The importance of 'Dannelse' in student learning
Children attend school for purposes that extend beyond learning how to read and write. At Rygaards School, a private school in Hellerup, hosting both a Danish and an international school, we focus on what we in Danish call 'dannelse.' This word translates into forming or evolving; in other words, it's not just about learning and acquiring new skills but also about developing as a person.
Photographs: Rygaards School / iStock
Text: Claus Offersen
At Rygaards the focus is not only about ensuring high-quality development of both hard and soft skills, but also personal characteristics. It's about helping children learn, develop, and prepare for an ever-changing world. From the very moment they step into the school, to the first moment they raise their hand to engage in class discussions, to the very moment they leave, every day is about taking a step in that direction.
There are many school options, some similar, and some different; so, how do you choose the right school for you and your child? That's the question parents ask themselves when considering where their child will start their educational journey. Denmark has a sound education system, but there are some differences in how schools engage their students and thus participate in their learning and overall development.
Rygaards has an excellent reputation for its high academic standards but also for its community spirit and values–programme. As the Principal says, "academic standards are high, but we believe it is equally important to offer our students a rich educational experience and a nurturing atmosphere. We want each one of them to feel personally valued and to think of us as their second home. Kindness and mutual respect are key values throughout the school."
Values–programmes and emotional intelligence
Looking at society, both in Denmark and abroad, it's clear that our children need to prepare for a global, competitive, and ever-changing world. Right now, as we are dealing with the impact of the coronavirus, we all have had to adapt and find new ways to live, work, and contribute – it's in times like these that our community and values play an essential role.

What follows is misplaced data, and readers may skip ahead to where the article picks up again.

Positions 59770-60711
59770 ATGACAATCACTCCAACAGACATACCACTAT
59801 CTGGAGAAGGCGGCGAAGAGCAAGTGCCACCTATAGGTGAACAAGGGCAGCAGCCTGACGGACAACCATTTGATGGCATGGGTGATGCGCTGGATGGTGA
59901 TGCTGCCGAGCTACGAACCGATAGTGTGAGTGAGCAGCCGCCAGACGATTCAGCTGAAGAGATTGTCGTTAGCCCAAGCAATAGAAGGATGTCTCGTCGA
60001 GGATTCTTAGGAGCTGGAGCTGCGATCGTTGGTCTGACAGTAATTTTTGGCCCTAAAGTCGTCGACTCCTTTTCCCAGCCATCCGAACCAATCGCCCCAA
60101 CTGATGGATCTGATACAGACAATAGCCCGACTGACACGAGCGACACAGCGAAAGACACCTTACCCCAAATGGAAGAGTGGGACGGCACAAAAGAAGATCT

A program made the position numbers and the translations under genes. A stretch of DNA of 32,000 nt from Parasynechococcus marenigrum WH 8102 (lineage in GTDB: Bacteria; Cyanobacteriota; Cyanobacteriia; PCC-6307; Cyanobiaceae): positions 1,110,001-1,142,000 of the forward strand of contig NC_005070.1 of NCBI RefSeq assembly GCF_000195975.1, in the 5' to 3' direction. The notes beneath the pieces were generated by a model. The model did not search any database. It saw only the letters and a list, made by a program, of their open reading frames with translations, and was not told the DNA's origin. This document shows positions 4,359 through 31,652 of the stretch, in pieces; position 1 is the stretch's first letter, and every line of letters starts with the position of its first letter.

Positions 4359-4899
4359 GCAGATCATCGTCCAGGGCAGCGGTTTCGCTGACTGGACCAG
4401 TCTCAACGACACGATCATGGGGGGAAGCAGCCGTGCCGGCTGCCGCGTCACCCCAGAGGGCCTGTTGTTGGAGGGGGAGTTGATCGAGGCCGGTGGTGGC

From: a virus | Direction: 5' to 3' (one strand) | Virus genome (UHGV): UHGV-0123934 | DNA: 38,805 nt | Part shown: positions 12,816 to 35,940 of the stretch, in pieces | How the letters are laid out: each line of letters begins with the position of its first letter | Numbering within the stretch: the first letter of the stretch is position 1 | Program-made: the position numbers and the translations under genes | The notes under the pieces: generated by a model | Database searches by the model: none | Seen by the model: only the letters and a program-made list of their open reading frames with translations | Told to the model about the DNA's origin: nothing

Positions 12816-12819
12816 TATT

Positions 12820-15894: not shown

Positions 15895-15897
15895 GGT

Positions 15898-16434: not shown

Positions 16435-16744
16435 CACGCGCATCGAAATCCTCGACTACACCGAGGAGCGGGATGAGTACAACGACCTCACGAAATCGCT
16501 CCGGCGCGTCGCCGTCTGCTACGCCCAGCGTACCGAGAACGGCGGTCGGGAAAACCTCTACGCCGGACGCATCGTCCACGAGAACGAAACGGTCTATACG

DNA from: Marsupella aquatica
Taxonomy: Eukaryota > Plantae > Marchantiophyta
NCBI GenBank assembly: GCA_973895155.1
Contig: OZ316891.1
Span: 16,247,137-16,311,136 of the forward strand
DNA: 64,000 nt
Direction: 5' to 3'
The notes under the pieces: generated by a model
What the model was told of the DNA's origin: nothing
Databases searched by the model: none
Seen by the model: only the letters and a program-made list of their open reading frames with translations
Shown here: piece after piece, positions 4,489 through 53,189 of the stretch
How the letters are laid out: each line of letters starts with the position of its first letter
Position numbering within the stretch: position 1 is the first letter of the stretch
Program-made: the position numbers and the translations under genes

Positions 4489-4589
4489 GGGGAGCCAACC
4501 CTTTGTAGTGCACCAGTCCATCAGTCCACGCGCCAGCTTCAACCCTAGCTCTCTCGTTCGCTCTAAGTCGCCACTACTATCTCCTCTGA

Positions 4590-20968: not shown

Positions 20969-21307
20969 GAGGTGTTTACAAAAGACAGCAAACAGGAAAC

The virus is just one example of the challenges we encounter throughout life; we live in an environment that requires critical thinking, creativity, and innovative solutions to problems we don't even know yet. Therefore, pupils should receive an education that not only makes them great students but life-long learners and well-rounded individuals. Inspired by our founders, our history, and Christianity, Rygaards' values–programme aims to do this by strengthening the pupils' emotional intelligence. Each year, we highlight four values, which play a role in student projects and class themes. Among others, these values include trust, thankfulness, hope, courage, responsibility, friendship, and empathy. To give examples of how values are incorporated, when working with courage, students created comics with themselves as superheroes with powers to achieve their goals. When working with thankfulness, the children created game shows about what they are grateful for. By engaging and emerging the children into an environment centred around values, the knowledge from class materials gains a deeper meaning.
"Children attend school for purposes beyond learning how to read and write; they attend school because of 'dannelse' - to become life-long learners and well-rounded individuals."
A strong community - two schools under one roof
The community at Rygaards is, in many ways, very unique. Rygaards is home to a Danish and an International school. During more normal times, the beautiful park-like campus can often be seen full of children of all ages and nationalities playing together, forming new friendships. Sometimes, they will also work together on school projects, one example being our Lenten Campaign. Lent is a Christian celebration where one either gives up something or adopts something that leads to a positive impact. The Assumption Sisters, who founded Rygaards school in 1909, believed in making a positive impact through education, which is also one of the 17 UN Sustainability Goals. Therefore, this year's Lenten campaign aims to have students working together, raising money to build schools across the globe, and thus helping other communities. A diverse and value-driven community empowers the pupils to grow while making a positive impact - all as part of their overall learning and development.